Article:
This State Journal report ran on May 6, 1859:
The official canvass of the votes cast at the recent election was completed this morning. The canvassers threw out 39,255 votes on account of informalities in the returns.
The reason for their rejection included ... that county seals were not attached to them ... and the returns were not canvassed on the day fixed by the statute for the county canvass.
After (those votes) were rejected, the official canvass gives the following as the vote for Supreme Court judge:
Byron Paine, 40,500
William P. Lynde, 38,355
The total vote of the state, including those votes that were rejected, is 118,163. To this must be added the vote of 49 towns rejected for informalities by the county canvassers, or not returned until too late to be counted.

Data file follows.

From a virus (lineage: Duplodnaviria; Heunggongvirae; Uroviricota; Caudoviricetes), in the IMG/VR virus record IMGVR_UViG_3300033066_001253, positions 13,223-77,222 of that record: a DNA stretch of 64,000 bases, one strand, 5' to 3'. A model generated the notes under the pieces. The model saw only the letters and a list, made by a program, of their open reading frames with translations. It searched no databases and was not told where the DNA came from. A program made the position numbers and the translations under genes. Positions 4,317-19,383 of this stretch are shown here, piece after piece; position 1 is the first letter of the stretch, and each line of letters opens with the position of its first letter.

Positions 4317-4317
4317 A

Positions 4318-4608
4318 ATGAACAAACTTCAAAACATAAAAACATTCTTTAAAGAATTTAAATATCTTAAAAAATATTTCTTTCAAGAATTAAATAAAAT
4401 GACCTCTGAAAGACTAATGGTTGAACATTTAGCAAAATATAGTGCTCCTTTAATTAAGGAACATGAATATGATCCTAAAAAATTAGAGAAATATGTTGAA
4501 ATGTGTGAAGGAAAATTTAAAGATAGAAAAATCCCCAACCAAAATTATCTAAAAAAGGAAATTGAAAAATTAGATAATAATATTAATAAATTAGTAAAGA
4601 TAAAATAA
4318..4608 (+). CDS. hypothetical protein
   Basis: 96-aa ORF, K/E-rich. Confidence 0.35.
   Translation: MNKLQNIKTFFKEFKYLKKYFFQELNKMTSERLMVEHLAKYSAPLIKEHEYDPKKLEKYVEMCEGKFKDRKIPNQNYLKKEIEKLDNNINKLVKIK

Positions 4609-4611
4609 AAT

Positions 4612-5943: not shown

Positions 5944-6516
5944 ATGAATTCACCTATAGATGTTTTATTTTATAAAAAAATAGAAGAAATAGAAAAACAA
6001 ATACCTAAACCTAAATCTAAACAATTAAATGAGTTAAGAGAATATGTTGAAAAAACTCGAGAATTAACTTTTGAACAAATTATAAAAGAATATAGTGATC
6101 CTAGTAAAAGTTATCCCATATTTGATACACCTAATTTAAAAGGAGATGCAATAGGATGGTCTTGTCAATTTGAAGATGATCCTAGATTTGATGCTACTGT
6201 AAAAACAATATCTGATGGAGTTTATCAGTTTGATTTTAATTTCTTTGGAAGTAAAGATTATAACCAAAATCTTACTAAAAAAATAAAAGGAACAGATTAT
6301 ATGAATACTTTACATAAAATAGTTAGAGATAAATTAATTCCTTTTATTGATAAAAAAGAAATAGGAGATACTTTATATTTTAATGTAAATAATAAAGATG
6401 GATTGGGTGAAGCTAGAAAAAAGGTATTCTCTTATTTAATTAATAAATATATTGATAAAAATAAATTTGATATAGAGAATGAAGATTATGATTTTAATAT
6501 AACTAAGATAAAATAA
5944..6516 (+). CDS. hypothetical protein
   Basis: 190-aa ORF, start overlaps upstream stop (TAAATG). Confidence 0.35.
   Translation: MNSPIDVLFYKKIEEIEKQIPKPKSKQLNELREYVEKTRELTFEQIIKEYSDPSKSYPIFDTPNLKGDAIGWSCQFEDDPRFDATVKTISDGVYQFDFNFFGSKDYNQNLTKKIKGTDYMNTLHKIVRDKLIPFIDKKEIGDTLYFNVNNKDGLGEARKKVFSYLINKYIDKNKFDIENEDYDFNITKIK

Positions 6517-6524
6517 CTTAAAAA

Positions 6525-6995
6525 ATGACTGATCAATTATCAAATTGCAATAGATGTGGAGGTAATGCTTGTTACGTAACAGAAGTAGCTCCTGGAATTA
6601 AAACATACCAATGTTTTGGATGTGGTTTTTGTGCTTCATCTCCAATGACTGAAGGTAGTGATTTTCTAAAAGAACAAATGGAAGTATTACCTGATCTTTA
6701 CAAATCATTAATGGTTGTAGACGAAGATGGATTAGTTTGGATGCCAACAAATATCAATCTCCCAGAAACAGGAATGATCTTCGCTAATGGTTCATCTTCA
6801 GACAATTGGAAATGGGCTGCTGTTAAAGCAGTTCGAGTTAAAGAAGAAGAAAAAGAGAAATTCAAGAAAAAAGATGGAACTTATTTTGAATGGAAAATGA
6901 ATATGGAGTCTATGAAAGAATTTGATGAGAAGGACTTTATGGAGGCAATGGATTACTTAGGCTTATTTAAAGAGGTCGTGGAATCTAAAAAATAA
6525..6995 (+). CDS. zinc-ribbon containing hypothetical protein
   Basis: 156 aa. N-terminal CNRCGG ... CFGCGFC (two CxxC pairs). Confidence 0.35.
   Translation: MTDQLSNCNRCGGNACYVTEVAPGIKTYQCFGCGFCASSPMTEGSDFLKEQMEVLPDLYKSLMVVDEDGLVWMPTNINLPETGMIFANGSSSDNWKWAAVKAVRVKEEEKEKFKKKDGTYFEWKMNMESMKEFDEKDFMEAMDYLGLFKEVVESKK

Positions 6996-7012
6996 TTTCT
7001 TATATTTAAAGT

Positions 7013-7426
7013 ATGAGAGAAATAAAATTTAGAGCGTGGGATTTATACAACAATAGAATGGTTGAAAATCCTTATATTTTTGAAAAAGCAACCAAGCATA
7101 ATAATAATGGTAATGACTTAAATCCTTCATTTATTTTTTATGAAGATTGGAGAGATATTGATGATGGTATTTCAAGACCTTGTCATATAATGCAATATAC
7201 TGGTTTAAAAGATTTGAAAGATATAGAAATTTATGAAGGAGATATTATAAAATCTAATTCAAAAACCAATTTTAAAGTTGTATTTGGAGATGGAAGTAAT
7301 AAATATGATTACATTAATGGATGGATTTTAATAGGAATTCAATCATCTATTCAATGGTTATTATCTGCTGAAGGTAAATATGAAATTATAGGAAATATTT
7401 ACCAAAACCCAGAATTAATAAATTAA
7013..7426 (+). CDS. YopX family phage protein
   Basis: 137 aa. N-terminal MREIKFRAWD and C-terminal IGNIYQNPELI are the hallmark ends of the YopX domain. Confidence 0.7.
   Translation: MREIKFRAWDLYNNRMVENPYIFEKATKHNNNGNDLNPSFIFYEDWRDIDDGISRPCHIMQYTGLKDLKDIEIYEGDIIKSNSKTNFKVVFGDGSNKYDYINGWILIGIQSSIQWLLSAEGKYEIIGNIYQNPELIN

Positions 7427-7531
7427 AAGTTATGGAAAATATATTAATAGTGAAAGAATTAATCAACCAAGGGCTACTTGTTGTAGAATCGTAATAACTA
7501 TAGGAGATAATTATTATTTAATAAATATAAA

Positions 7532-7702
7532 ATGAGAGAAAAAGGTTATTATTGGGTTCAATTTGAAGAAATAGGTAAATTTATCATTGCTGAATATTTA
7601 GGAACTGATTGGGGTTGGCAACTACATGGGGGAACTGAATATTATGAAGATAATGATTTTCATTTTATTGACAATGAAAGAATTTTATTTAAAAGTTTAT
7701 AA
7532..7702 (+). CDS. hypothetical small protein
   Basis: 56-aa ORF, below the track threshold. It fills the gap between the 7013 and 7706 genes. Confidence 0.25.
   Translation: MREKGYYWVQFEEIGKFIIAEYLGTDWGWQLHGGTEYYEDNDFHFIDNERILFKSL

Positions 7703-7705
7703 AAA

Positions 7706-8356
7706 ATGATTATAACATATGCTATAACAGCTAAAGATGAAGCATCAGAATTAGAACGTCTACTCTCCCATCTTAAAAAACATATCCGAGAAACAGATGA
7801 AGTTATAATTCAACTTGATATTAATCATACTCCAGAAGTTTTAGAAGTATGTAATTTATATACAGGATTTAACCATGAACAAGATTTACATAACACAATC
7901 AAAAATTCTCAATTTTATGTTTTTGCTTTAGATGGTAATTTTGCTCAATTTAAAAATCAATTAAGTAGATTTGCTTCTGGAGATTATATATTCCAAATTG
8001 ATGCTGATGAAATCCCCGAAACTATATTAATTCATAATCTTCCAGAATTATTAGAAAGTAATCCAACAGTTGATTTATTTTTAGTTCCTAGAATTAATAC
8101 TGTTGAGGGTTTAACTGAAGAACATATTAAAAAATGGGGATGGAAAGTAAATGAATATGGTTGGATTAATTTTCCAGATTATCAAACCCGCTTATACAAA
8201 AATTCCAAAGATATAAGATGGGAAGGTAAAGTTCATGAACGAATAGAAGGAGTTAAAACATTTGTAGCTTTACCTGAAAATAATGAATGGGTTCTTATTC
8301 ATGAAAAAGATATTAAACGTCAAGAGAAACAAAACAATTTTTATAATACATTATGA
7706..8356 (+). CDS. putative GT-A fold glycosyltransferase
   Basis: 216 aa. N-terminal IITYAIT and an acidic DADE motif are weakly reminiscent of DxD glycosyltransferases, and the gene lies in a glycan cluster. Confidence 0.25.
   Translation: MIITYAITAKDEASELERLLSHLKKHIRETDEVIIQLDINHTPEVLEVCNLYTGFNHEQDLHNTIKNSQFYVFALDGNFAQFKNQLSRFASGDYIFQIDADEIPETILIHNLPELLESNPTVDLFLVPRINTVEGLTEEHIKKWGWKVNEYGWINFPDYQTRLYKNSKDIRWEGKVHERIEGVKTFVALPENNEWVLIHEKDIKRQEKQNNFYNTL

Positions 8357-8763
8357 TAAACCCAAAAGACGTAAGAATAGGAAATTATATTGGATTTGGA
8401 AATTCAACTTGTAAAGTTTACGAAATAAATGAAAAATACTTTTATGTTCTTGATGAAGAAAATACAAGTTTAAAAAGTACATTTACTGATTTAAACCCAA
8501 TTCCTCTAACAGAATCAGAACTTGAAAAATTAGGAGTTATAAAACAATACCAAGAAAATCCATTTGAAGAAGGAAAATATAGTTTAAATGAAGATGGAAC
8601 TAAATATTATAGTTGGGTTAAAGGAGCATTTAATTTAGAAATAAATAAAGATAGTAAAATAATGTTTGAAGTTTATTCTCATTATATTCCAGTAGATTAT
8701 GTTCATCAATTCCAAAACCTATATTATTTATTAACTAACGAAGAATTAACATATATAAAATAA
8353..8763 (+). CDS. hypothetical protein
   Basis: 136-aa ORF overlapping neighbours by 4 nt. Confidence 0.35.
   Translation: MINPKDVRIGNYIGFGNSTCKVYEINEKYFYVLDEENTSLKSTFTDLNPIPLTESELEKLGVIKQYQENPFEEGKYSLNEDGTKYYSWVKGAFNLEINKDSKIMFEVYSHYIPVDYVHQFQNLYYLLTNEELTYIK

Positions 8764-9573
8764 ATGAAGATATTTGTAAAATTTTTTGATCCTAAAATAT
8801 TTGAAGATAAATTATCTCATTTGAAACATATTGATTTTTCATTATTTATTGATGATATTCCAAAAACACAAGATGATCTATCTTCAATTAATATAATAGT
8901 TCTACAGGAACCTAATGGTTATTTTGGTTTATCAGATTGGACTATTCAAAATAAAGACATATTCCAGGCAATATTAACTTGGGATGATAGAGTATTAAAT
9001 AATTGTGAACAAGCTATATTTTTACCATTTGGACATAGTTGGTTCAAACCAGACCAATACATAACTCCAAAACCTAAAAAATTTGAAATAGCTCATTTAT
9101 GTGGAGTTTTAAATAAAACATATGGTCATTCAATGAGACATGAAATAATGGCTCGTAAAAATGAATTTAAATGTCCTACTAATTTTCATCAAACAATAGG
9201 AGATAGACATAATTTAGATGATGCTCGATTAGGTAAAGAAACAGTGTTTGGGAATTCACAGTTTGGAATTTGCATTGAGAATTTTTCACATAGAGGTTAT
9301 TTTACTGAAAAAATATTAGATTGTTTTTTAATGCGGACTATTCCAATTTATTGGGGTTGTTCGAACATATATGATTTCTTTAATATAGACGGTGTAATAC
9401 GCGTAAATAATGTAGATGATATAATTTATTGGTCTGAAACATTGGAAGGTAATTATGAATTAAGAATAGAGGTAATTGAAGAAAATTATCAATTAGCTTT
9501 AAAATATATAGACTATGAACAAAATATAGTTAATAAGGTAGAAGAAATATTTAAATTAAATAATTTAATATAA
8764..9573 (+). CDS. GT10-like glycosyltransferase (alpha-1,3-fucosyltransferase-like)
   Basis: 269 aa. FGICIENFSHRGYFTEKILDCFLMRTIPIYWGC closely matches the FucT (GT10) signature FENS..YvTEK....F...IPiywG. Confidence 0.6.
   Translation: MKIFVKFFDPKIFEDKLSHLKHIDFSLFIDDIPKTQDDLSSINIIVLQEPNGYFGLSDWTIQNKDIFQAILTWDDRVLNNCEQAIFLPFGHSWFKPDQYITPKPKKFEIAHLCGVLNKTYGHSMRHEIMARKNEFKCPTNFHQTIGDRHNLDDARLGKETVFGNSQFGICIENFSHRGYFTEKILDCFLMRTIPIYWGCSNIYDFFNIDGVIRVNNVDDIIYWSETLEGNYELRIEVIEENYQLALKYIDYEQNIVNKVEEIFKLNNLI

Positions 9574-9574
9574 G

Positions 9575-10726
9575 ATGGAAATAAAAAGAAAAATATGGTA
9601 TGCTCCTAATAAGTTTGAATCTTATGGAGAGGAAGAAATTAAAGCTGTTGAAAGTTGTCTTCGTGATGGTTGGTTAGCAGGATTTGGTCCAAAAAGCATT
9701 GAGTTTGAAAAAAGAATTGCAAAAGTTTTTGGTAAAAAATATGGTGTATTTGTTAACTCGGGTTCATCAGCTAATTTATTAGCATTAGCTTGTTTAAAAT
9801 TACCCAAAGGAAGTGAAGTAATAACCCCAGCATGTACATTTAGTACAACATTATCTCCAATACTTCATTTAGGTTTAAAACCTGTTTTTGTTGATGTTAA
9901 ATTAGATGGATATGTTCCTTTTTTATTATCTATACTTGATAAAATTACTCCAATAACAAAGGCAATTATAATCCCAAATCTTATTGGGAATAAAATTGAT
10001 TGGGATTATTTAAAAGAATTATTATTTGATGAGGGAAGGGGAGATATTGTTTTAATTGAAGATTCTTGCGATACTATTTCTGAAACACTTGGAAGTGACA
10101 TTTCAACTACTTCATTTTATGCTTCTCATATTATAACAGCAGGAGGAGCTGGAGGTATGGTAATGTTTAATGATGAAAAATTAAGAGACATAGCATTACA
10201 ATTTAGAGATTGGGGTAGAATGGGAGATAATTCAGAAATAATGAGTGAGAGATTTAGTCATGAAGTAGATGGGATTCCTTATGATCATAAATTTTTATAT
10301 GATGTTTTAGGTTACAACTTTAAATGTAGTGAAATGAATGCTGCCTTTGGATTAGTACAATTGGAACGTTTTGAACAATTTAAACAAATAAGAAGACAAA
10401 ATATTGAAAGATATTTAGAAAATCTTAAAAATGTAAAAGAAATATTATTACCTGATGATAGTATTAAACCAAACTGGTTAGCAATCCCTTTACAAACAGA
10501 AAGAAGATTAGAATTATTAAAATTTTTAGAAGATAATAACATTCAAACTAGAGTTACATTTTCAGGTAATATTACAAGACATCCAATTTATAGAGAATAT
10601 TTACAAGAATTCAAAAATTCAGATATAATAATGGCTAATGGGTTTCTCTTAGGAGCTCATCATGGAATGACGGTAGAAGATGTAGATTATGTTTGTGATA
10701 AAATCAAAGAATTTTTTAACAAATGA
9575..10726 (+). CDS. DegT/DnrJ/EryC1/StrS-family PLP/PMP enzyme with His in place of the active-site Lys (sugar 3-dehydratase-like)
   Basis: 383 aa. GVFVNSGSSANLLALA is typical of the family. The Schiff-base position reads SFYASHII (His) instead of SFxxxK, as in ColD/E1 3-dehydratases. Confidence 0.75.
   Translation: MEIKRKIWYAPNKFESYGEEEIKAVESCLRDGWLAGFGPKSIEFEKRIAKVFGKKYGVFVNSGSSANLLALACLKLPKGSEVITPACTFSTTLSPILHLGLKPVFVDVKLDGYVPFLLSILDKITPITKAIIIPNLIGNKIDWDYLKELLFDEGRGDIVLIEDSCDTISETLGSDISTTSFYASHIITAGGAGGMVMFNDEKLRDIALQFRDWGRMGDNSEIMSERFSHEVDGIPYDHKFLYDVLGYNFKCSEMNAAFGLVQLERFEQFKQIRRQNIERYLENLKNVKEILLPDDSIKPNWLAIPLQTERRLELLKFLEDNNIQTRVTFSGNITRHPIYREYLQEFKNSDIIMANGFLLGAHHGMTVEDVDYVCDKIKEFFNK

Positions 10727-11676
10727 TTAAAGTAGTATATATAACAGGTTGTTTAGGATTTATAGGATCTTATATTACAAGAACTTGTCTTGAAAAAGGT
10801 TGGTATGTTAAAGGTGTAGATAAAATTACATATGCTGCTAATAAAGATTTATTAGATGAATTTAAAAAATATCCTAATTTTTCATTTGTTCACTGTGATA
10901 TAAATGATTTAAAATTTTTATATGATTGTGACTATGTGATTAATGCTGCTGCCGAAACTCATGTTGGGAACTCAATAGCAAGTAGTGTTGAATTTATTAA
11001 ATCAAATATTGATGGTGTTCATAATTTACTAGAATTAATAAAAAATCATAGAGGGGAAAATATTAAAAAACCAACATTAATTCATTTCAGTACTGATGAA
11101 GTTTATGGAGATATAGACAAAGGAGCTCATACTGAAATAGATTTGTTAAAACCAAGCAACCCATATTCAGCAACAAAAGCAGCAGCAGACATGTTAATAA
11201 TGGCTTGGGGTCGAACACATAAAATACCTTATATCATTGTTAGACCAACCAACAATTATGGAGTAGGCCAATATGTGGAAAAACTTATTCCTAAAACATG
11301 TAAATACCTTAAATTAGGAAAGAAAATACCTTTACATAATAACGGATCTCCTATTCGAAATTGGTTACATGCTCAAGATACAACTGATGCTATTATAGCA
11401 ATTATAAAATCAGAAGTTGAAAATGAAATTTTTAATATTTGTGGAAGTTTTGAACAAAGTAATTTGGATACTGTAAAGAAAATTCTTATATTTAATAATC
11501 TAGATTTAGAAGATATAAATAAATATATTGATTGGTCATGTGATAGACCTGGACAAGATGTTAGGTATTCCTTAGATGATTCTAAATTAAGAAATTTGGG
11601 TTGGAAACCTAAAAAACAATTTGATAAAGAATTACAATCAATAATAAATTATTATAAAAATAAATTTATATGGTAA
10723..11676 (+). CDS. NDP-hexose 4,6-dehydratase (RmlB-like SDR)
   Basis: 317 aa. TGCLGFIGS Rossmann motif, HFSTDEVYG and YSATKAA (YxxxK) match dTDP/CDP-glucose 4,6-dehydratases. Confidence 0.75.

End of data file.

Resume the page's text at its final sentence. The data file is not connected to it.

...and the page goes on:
These will bring the vote of the state at the last election fully up to that for president in 1856, again showing that in order to secure a Republican victory in this state, we only need to get out a full vote.
The blunders of the county canvassers, or clerks, seem inexcusable. Forms in blank are supplied them by the state, and nothing but the grossest negligence or stupidity can account for the manner in which they are filled out and sent to the Capitol.
The canvassers have done right in our opinion, in insisting upon a strict compliance with the formalities of the law, and we trust the disfranchisement of those counties (from which votes were rejected) will learn them a lesson in the future.